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Did life need asteroid bombardment?

...A period 3.9 billion years ago when Earth was peppered with impacts by large asteroids may have created an environment in which primitive life could take hold, rather than destroying that life...

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Mystery of millisecond pulsars solved

...Astronomers have watched a pulsar be spun up in real time by its companion star, turning it into an incredibly fast millisecond pulsar rotating a breakneck 592 times per second...

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Doomed planet may have been drenched in water

...A small exoplanet full of water may have been swallowed up by a dead white dwarf star, according to anomalous readings of hydrogen in the star's helium-rich atmosphere...

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Video archive

STS-120 day 2 highlights

Flight Day 2 of Discovery's mission focused on heat shield inspections. This movie shows the day's highlights.


STS-120 day 1 highlights

The highlights from shuttle Discovery's launch day are packaged into this movie.


STS-118: Highlights

The STS-118 crew, including Barbara Morgan, narrates its mission highlights film and answers questions in this post-flight presentation.

 Full presentation
 Mission film

STS-120: Rollout to pad

Space shuttle Discovery rolls out of the Vehicle Assembly Building and travels to launch pad 39A for its STS-120 mission.


Dawn leaves Earth

NASA's Dawn space probe launches aboard a Delta 2-Heavy rocket from Cape Canaveral to explore two worlds in the asteroid belt.

 Full coverage

Dawn: Launch preview

These briefings preview the launch and science objectives of NASA's Dawn asteroid orbiter.

 Launch | Science

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How to search for alien seas



Posted: 27 May, 2009

The search for habitable planets around other stars has taken a step forward by, ironically, looking at our own planet. To test whether we would be able to detect oceans on exoplanets, researchers used the Deep Impact spacecraft to observe Earth, “as if we were aliens looking at Earth with the tools we might have in ten years,” according to Nicolas Cowan of the University of Washington.

How many worlds that possess oceans like Earth are there in the Galaxy? We may be on the cusp of finding out. Image: NASA/JPL–Caltech/R Hurt (SSC–Caltech).

The Deep Impact spacecraft hit the headlines in July 2005 when it fired a copper projectile into the comet 9P/Tempel 1, creating a huge outburst on the comet’s icy surface. Since it still has fuel and power, astronomers have since been employing it in other jobs. For instance, at the beginning of this year it began using its cameras to search several stars for the telltale dips in light that indicate transiting planets.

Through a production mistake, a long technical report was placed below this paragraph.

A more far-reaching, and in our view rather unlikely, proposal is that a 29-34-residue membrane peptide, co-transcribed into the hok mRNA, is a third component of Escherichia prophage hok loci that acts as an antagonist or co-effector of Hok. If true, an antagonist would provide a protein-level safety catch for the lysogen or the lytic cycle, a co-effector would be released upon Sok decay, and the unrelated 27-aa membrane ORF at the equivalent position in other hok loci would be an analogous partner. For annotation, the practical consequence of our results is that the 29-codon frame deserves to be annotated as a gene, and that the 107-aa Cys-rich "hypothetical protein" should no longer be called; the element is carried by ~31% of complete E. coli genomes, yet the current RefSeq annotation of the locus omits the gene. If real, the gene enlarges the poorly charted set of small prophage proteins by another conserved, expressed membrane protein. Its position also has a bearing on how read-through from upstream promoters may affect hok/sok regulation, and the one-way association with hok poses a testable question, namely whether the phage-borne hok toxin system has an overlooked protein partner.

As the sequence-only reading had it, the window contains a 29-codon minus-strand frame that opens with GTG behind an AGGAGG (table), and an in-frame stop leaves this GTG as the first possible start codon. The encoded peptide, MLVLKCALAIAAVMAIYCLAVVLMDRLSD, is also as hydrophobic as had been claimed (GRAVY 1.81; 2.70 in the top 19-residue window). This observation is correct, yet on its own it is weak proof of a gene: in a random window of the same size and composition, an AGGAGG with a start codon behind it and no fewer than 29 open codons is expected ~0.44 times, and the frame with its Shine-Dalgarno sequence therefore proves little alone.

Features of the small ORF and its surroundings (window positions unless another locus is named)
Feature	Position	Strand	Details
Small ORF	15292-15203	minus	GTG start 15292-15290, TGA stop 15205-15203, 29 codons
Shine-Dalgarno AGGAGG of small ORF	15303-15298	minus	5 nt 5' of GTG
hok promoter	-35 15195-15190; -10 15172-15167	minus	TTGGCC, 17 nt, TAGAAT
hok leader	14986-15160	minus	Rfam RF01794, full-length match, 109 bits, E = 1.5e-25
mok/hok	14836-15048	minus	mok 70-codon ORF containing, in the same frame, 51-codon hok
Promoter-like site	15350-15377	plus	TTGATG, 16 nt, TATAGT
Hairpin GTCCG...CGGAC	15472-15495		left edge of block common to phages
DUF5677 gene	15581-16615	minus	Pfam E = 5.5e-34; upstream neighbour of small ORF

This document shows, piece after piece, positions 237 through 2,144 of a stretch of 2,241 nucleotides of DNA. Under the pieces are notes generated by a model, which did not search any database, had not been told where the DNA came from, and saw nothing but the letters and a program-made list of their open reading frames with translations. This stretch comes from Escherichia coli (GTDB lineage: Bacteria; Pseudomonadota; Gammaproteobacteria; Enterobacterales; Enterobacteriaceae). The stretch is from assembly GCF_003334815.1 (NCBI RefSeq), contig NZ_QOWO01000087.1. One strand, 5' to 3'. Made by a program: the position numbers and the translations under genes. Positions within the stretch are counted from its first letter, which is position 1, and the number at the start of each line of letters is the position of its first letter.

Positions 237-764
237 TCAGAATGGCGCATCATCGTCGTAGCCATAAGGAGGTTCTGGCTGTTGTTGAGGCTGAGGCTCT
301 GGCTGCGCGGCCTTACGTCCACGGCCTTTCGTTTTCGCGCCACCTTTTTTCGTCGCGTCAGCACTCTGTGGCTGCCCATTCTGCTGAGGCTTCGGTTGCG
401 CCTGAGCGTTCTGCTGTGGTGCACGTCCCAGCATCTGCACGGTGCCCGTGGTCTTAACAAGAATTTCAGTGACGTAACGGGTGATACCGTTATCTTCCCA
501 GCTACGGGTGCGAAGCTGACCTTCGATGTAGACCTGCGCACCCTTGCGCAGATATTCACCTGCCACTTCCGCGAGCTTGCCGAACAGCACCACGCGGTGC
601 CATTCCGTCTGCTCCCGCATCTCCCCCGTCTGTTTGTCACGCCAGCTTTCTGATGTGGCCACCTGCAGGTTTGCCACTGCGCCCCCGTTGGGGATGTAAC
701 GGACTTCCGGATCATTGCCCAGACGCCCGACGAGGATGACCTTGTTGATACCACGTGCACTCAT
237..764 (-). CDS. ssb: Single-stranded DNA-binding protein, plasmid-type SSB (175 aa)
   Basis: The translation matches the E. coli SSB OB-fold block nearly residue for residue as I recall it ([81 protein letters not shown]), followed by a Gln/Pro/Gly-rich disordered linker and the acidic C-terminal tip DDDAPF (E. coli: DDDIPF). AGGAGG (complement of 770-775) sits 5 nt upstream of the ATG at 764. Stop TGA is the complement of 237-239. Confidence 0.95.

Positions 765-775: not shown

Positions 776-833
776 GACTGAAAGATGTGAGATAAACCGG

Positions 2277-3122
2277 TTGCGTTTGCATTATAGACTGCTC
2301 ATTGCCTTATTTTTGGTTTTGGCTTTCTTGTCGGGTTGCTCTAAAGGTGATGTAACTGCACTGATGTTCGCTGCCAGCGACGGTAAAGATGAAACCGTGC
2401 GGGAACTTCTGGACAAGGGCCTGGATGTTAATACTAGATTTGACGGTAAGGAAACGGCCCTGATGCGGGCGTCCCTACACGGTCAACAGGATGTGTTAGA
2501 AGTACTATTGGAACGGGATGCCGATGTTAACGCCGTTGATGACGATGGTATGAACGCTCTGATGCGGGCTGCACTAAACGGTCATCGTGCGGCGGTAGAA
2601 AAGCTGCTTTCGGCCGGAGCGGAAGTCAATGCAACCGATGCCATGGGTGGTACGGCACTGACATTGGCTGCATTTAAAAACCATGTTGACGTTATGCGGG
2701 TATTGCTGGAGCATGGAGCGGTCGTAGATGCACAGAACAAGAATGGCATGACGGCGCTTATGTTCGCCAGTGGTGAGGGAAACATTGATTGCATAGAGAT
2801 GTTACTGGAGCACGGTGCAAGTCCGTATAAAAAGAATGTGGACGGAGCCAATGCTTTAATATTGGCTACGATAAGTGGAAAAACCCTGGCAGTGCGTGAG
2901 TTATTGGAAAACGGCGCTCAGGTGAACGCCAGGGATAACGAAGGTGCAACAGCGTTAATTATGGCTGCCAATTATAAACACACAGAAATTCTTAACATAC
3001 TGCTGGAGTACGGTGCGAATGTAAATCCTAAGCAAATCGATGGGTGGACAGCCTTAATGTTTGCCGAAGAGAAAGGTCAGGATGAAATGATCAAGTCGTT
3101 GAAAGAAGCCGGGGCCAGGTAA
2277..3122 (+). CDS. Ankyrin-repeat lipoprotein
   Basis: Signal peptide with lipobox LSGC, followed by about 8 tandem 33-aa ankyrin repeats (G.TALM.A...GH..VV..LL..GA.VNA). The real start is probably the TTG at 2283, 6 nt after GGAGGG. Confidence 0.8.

Now it has turned its camera back towards Earth, observing our planet over two 24-hour periods in seven wavelengths of visible light from vantage points of 17 million and 33 million kilometres. As the Earth rotated, different oceans and clouds and continents came into view. As they did, they created small deviations in the average colour of Earth, with two dominant colours: blue at short wavelengths and red at long wavelengths, which were inferred as oceans and landmasses. This was confirmed when compared with a map of the Earth.

“You could tell that there were liquid oceans on the planet,” says Cowan, who led the research. “Liquid water on the surface of a planet is the gold standard that people are looking for.”

Over the last year astronomers have taken the first snapshots of planets orbiting other stars, but these have all been hot, young gas giants orbiting very far from their parent star. Meanwhile, infrared observations of exoplanets by NASA’s Spitzer Space Telescope have mapped variations in their atmospheric temperature. Within ten years the capability to be able to image a rocky world in the habitable zone around its star (where temperatures are appropriate for liquid water on the surface, crucial to life as we know it) should be with us. The images will be mere pixels in size, a far cry from taking a proper Earth-like portrait, but the study led by Cowan shows that it will be possible to use the slight deviations in their overall colour as they rotate to figure out which ones are most likely to have water and support life.

These temperature maps of the exoplanet HD 80606b, made by the Spitzer Space Telescope, prove that it is possible to map some of the details of alien worlds. Note that these are simulated images based on variations in infrared emission as the planet moved around its highly elliptical orbit, and are not real pictures of the planet.

Image: NASA/JPL–Caltech/J Langton (UC Santa Cruz).